nytheatre.com review by Michael Criscuolo
September 13, 2006
Romantic screwball comedy is alive and well in WorkShop Theater Company's new production of Intellectuals, a very funny play by Scott C. Sickles about a trio of brainiacs who short circuit when faced with emotion. Guided perfectly by director David Gautschy and a crackerjack cast, Intellectuals is a refreshing reminder of how fun good theatre can be when everybody involved is on the same page.
Philip, an erudite philosophy professor, comes home one night to find his wife Margot's bags packed. After 20+ years of marriage, Margot, a psychologist, has decided to investigate "other unexplored alcoves" of her femininity. Translation: she's running off to become a lesbian. Caught in the middle is their mutual best friend, Brighton, a snobby film professor with a history of failed relationships. ("I'm the romantic equivalent of Chernobyl," he says at one point.) Having talked Brighton into spying on Margot for him, Philip hatches a plan to win her back by dating older Antonia, one of his philosophy students. Meanwhile, Margot has caught the eye of Hera Jane, a volunteer at the local gay and lesbian center. And, Brighton gets embroiled in a potential romance of his own with his much younger student Nick. So what does Luisa, the waitress at the local Italian eatery have to do with all of this? Oh, just wait and see. Like the best screwball comedies, Intellectuals has several surprising twists and turns in store for audiences.
Intellectuals also runneth over with some choice one-liners. Philip's initial reaction to Margot's impending departure is, "You don't have to go all Margaret Atwood on me." Later on, Margot expresses her frustration in finding an attractive date by remarking that the lesbian world contains "a maximum of five haircuts, all unflattering!" Philip gushes to Brighton about one of Antonia's best qualities: she read ahead in the required reading. "No student of mine has ever read ahead!" he utters in mystified awe. Brighton has a different reaction to Nick's blatant advances. "This is not the theatre department, you know?" he protests before adding, almost as an aside, that he needs a moment to process "this awkward Woody Allen/Derek Jarman moment."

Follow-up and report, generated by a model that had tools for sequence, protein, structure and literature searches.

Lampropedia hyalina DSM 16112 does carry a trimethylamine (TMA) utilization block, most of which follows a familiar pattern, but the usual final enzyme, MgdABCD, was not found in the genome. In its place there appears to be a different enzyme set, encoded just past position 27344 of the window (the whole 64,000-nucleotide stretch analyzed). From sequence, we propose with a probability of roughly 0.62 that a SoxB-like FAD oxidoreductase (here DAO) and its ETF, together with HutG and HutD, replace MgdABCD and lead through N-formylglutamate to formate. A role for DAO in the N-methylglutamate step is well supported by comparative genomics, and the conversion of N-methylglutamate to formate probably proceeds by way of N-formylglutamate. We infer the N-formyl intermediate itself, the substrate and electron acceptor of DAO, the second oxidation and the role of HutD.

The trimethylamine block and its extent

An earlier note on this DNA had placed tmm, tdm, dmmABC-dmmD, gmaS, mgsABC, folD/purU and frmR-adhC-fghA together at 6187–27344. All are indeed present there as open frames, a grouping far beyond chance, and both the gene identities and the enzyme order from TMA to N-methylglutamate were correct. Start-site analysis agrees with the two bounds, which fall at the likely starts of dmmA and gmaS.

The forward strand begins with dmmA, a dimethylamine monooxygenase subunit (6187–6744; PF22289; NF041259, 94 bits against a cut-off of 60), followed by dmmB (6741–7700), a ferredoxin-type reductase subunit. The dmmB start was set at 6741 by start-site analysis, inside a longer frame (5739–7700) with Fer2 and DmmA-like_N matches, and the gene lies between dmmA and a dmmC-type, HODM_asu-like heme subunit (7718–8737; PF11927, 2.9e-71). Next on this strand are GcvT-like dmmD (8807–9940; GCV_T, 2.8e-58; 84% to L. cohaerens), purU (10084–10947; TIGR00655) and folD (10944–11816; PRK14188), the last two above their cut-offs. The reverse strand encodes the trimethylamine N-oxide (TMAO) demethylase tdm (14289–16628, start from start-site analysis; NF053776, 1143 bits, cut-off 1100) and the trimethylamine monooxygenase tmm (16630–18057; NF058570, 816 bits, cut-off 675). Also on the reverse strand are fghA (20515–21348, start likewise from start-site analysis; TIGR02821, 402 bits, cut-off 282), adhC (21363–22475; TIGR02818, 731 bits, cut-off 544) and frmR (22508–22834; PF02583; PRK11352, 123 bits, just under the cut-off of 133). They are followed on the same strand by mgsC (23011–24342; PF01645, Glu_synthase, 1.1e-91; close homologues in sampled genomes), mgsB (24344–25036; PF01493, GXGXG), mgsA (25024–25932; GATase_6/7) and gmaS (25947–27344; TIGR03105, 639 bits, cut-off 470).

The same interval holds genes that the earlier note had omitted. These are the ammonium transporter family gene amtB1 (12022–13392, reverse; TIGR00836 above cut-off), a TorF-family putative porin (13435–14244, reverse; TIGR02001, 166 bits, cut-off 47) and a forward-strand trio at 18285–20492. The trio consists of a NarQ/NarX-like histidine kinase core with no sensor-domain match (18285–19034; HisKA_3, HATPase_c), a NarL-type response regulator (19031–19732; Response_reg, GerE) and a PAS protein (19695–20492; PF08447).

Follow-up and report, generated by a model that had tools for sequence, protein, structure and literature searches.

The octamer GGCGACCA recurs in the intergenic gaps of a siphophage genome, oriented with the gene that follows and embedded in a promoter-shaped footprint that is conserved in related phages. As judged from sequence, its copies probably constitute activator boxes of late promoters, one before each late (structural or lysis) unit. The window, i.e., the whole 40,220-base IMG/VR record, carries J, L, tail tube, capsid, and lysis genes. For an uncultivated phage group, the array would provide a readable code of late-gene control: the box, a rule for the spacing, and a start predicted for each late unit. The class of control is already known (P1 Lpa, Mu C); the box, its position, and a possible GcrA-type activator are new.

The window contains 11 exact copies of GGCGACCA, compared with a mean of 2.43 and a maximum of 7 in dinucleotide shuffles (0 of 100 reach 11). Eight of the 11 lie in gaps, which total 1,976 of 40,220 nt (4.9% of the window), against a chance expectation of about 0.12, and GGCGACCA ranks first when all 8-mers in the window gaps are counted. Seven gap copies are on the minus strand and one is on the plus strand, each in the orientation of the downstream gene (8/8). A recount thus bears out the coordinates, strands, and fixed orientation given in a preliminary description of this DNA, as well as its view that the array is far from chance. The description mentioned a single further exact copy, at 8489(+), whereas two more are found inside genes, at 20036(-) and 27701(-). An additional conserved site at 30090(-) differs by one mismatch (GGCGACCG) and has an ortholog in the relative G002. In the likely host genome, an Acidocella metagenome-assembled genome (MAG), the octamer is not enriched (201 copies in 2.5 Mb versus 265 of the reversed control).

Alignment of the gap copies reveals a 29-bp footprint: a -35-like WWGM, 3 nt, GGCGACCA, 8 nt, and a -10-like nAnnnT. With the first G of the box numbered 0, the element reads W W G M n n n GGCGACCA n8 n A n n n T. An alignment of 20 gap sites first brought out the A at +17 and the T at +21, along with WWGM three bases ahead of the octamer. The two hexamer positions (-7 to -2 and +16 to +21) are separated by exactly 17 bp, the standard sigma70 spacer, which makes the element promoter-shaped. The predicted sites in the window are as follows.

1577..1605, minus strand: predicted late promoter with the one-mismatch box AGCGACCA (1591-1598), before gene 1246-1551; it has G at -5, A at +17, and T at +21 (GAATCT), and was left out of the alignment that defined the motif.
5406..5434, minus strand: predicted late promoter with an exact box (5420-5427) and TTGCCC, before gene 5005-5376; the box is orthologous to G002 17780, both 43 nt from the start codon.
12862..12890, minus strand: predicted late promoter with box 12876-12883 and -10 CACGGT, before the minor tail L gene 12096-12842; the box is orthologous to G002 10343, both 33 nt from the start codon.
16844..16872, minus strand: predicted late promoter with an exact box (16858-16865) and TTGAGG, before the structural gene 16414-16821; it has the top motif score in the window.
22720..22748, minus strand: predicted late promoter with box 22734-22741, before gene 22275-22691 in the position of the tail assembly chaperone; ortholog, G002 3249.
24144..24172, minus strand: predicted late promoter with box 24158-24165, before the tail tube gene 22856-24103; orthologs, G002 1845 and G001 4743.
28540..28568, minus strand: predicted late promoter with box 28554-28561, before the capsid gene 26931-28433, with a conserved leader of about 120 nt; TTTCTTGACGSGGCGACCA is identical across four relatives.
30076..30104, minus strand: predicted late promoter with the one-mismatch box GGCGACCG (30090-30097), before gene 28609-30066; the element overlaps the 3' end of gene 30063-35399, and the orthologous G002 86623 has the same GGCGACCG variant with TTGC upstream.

The problem, of course, is that everyone is trying to make rational sense of what their heart is telling them (or completely ignoring what it's saying). That's what gives Intellectuals its comic kick: the gap between what the characters think they should do and what they really should do. Sickles, whose writing is strong throughout, exemplifies this best when Philip tells Margot that becoming a lesbian is "not Judaism. You can't convert."
Director Gautschy displays a fine-tuned comic sensibility that fits Intellectuals perfectly. He paces the production with sharp quickness, and gets terrific performances out his cast. Gautschy also has fun with some well-used video projections. Establishing the tone of the show right off the bat, he begins Intellectuals with one of Edward Hopper's lonely woman paintings accompanied by the sound of Lambert, Hendricks, and Ross's jazz classic "Twisted." In a later scene, Margot enters Hera Jane's house with a Georgia O'Keefe print hovering over them. Obvious, yes, but still very funny.
The entire cast of Intellectuals is splendid. Patricia O'Connell and Kim Weston-Moran both supply plenty of sass and spunk as Antonia and Hera-Jane, respectively. Bill Tatum is amusing and well-cast as the cluelessly smug Philip. The adorably endearing Kari Swenson Riely makes the most out of Luisa and several other small roles. Jess Cassidy White is charming and likable as the smitten Nick. Providing the sturdy and hilarious center of Intellectuals is Ellen Dolan's fish-out-of-water performance as the sexy but flustered Margot. She is topped only by Bill Blechingberg's terrific scene-stealing antics as Brighton.
So, if you're looking for a good laugh and a good time at the theatre, Intellectuals is definitely the way to go. Sickles has a great time poking fun at the title characters, and his play is blessed with a polished and enjoyable production. Leave your thinking cap at home. Just go and laugh.